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The Authority Of Bishops… Can A Catholic Resist A Wrong Teaching Of His Bishop?

December 9, 2018 Our Catholic Faith No Comments

By RAYMOND DE SOUZA, KM

Part 3

In the two previous articles we have learned from great Catholic theologians that a layman can resist a wrong decision of a bishop and even of the Bishop of Rome — the Pope.
But — and this “but” is very important — wouldn’t such a resistance go against the teaching on papal infallibility? This is a question that concerns many a faithful Catholic today.
If we apply the teachings of those great theologians to our days, the conclusion is very grave and very simple: Catholics who truly love the Church have the right and the duty to resist any teaching, law, norm, or command coming from any ecclesiastical authority, be he a priest, bishop, cardinal, or even the Pope, if it is evidently harmful to faith and morals.
St. Paul did that, St. Athanasius did that, St. Catherine of Siena did that. But such a resistance was always courteous and charitable, and in so doing a Catholic is not judging the authority, because to resist a wrong command it is not to judge, it is to obey God rather than men.
Here it is important to recall the official Church teaching on papal infallibility. According to the dogmatic definitions of the First Vatican Council, the Pope is infallible (that is, when we must blindly accept his teaching because it is protected by the promise of Our Lord Jesus Christ) when he teaches on an article of faith and/or morals, in an ex cathedra manner.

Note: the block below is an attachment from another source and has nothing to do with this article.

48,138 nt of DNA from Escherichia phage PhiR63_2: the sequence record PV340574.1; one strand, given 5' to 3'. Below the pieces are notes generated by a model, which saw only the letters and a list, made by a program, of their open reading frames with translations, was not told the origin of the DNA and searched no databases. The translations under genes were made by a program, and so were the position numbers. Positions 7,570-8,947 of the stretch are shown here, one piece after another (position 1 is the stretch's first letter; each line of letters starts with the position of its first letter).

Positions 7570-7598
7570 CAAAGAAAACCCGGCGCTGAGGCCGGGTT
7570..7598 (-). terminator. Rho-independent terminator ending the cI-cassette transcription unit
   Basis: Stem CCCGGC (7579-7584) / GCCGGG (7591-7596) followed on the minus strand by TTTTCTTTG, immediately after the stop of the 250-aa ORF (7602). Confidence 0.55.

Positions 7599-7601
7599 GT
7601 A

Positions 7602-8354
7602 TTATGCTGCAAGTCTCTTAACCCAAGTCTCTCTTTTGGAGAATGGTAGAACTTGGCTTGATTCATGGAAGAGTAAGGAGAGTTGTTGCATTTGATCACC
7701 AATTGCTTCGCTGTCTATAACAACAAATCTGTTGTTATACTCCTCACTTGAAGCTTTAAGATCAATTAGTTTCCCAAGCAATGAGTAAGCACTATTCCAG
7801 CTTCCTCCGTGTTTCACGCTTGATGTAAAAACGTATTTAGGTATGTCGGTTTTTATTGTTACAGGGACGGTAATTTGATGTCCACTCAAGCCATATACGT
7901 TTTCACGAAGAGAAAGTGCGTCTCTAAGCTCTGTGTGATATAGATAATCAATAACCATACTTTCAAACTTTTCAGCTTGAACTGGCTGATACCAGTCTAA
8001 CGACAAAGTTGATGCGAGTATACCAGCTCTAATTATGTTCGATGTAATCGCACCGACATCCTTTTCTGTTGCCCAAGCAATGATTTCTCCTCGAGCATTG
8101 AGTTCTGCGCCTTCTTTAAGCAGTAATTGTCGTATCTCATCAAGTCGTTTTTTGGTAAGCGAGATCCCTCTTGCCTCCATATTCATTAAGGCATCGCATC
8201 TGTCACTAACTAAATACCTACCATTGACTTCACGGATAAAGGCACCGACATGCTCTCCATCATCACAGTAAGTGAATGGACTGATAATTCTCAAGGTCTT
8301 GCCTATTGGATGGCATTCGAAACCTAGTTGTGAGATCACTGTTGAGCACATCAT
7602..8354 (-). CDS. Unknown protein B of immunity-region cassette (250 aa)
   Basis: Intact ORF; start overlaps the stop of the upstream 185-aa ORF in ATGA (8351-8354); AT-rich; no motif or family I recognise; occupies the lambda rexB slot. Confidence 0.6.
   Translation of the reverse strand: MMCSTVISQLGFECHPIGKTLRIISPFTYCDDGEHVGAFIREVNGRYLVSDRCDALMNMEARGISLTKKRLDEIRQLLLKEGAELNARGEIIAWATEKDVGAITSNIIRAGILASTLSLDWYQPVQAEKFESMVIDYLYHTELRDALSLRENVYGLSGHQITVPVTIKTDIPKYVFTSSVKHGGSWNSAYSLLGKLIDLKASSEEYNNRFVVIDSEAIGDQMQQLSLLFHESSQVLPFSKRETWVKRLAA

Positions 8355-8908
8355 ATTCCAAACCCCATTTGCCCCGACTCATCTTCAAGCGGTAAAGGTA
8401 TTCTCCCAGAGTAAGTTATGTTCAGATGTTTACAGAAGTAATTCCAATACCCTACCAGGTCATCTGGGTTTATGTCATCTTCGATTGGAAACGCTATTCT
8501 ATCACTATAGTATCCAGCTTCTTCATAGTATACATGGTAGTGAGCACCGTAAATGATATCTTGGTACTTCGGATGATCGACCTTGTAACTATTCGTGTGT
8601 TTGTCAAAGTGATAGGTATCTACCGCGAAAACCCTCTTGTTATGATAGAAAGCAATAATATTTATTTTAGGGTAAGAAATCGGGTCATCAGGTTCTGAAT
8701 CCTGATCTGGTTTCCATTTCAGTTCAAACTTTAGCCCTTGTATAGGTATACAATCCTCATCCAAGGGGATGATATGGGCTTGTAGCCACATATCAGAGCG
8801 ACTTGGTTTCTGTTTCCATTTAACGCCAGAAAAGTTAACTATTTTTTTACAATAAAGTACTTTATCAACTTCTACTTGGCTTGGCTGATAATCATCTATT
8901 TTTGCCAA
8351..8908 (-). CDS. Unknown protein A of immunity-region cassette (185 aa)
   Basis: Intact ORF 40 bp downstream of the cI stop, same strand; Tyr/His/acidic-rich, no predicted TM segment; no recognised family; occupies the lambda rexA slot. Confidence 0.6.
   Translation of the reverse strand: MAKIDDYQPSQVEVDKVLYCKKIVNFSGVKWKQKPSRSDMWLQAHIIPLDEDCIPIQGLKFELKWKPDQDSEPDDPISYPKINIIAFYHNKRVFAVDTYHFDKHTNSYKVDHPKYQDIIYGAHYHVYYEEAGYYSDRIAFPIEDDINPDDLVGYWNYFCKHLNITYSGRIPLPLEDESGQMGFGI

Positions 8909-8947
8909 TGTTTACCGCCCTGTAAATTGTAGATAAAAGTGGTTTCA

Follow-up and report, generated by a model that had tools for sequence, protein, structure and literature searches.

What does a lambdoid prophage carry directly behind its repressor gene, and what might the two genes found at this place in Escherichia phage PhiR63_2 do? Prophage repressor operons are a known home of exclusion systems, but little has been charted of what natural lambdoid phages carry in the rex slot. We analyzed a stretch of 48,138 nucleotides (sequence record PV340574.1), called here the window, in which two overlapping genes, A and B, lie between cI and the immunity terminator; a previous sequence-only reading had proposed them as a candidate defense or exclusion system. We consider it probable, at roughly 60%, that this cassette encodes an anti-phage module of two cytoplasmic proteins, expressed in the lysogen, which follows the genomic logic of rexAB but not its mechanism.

This is the most important principle: First of all, the teaching must be on faith and morals. The Holy Father’s opinions on the environment, protection of endangered species, art, sports, political decisions of foreign governments, and the like do not belong to the field of faith and morals. Therefore, they can never be classified as infallible teachings. Sometimes they are simply the Pope’s opinions, or his teachings are relevant to his diocese (Rome), or the counsels are applicable to a certain kind of people or a certain country.
So, faith and morals must be the subject of the papal teaching. Now let us take a look at the manner in which he issues the teaching.
Ex cathedra literally simply means “From the Chair” (of Peter). It does not mean that the Pope must be sitting on a particular chair when he speaks, a chair which is traditionally attributed to the one used by St. Peter when he lived in Antioch or Rome. Not at all. Ex cathedra simply means that he is speaking from his position of authority over the whole Christian world, as the Vicar of Christ on Earth.
This chair, or throne of authority, was already in existence in Isaias 22 regarding the throne of the chief steward of the Kingdom of David, where the chief steward held the keys of the kingdom and governed the people in the name of the King. In the New Testament, that throne was known as the “Chair of Moses,” which Jesus Himself mentioned in St. Matthew 23, from which the Pharisees taught the people. Jesus told the people to obey what they said but not to do as they did.
So, for the teachings issued from the throne of Authority (the Chair of Peter) to be infallible, three conditions are necessary:
The Pope must make use of His Supreme Apostolic Authority as Vicar of Christ;
He must address the whole Catholic world;
He must show his will to define a teaching, clarify a doubt, or solve a controversy.
In more detail: The Supreme Authority as Vicar of Christ comes from the authority given to St. Peter in St. Matthew 16: “Thou art Peter, and upon this Rock I will build my Church, and the gates of hell will not prevail against it. I give you the keys of the Kingdom of Heaven, and whatsoever you bind on earth, will be bound in heaven, and whatsoever you lose on earth, will be loosed in heaven.”